We are coming to the end of our second week of school, and things are already starting to loosen up at the edges. Some of the excitement of beginning a new thing is wearing off. Some days some people just don’t feel like doing schoolwork.
And of course, the ideal school day in homeschool happens about once every three months, and the rest of the days I’m constantly in a state of flex, regrouping for one turn of events or another. It can be stressful, but the sooner I learn to just always prepare for the unexpected, the better off I’ll be.
In case it’s not obvious, these pictures are of one of Paul’s not-feeling-like-doing-schoolwork days. (Of course he had to do it anyway, and he found ways to make it more interesting to himself, such as this odd position.)
Marie continues to enjoy learning more how to read. This week I found her sounding out the words on a raisin box, and also on a tag in the store when we were out for groceries. That was a big encouragement to me. That means she wants to read things–and that is so huge in teaching a kid to read.
It is such a blessing that Rachel Anne is still a diligent “scholar” when Marie is doing her schoolwork and uses her special crayons to color and make lines in a tracing book. She seems to have the idea that this is important and that it is part of school. Of course, big kids do school work, and it’s very important to be a big kid!
Hannah is continuing to make my spirits soar and exceed my expectations as she is quickly growing into an excellent independent studying student, and is vastly improving her ability to focus, stay on track, and complete her school list without me reminding her. I attribute that to timely and abundant positive reinforcement from me. The more praising remarks I make and give her for being a great scholar, the more she strives to be a great scholar.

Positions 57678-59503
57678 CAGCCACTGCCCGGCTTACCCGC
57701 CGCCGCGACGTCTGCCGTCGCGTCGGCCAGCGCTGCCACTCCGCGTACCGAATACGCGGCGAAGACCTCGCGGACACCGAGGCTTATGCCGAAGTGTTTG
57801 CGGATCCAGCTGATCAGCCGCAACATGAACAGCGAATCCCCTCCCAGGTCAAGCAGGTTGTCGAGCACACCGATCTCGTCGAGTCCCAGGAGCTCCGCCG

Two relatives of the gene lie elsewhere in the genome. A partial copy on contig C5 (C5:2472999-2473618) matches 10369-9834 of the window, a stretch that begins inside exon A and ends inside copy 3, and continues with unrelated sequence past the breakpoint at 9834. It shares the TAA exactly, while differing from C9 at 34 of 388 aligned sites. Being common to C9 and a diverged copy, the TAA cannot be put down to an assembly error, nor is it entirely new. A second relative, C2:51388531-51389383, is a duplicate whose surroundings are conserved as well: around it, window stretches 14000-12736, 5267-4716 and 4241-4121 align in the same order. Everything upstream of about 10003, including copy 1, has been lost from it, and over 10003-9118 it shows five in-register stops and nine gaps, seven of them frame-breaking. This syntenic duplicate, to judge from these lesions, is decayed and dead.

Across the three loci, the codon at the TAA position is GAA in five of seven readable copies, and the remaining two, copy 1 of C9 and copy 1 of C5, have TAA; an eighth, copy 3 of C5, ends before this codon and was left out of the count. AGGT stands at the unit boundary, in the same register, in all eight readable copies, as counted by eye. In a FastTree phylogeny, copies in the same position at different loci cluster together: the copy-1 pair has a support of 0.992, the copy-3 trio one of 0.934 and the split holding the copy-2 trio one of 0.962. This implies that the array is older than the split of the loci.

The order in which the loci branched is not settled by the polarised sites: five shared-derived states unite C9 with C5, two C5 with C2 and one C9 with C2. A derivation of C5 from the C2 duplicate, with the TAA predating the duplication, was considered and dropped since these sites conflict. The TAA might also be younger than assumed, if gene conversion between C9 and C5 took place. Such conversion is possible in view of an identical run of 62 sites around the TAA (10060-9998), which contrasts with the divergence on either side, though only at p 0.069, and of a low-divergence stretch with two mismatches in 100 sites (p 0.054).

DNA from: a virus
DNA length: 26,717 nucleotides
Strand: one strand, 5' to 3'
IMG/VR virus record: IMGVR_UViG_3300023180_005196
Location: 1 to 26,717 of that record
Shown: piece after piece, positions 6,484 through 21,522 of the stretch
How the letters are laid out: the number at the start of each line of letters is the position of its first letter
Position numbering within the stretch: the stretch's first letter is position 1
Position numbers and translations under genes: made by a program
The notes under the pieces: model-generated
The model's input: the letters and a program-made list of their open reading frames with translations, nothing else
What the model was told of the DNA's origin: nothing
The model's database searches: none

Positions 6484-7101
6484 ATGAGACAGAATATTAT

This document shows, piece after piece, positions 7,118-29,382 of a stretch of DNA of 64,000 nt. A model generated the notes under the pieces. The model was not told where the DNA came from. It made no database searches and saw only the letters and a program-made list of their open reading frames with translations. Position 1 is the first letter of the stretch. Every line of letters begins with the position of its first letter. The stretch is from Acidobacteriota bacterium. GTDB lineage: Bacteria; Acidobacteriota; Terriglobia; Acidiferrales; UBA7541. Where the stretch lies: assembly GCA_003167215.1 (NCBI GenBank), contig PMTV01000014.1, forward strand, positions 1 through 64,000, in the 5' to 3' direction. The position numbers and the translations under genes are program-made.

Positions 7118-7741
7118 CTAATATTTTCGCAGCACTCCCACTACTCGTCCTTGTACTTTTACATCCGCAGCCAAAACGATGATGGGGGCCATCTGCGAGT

Paul is scrambling to bring back to his mind all the addition and subtraction facts he had learned so thoroughly last year. (Wait until they start drilling him on his multiplication and division facts! I haven’t told him what’s coming yet.) The morning of this picture, he misplaced his normal timer and is using the timer on my phone to time himself for his math fact sheet (that he does every morning).
One of my “flex” days I did not get the papers graded and the new school lists printed the night before. Therefore, I explained it to the kids first thing in the morning, and told them they had to help do my work while I got their schoolwork ready. Besides loading and unloading the dishwasher and brooming the floor, that also included peeling the potatoes for our lunch that day.
In full disclosure, Hannah and Marie didn’t get all the potatoes peeled, but it was a good start and less that I had to do.
Guess what the most popular past time is around here after the kids are done their school for the day? You’re right. Play school. One day, Paul was teaching Marie how to read. Then, Marie was teaching Rachel Anne how to read. (Prior to this picture, she was teaching her words. When I paused my work to get the camera, she had just switched to the alphabet.) Later in the day, Marie, Hannah, and Rachel were playing school, and Hannah and Marie took turns being the teacher.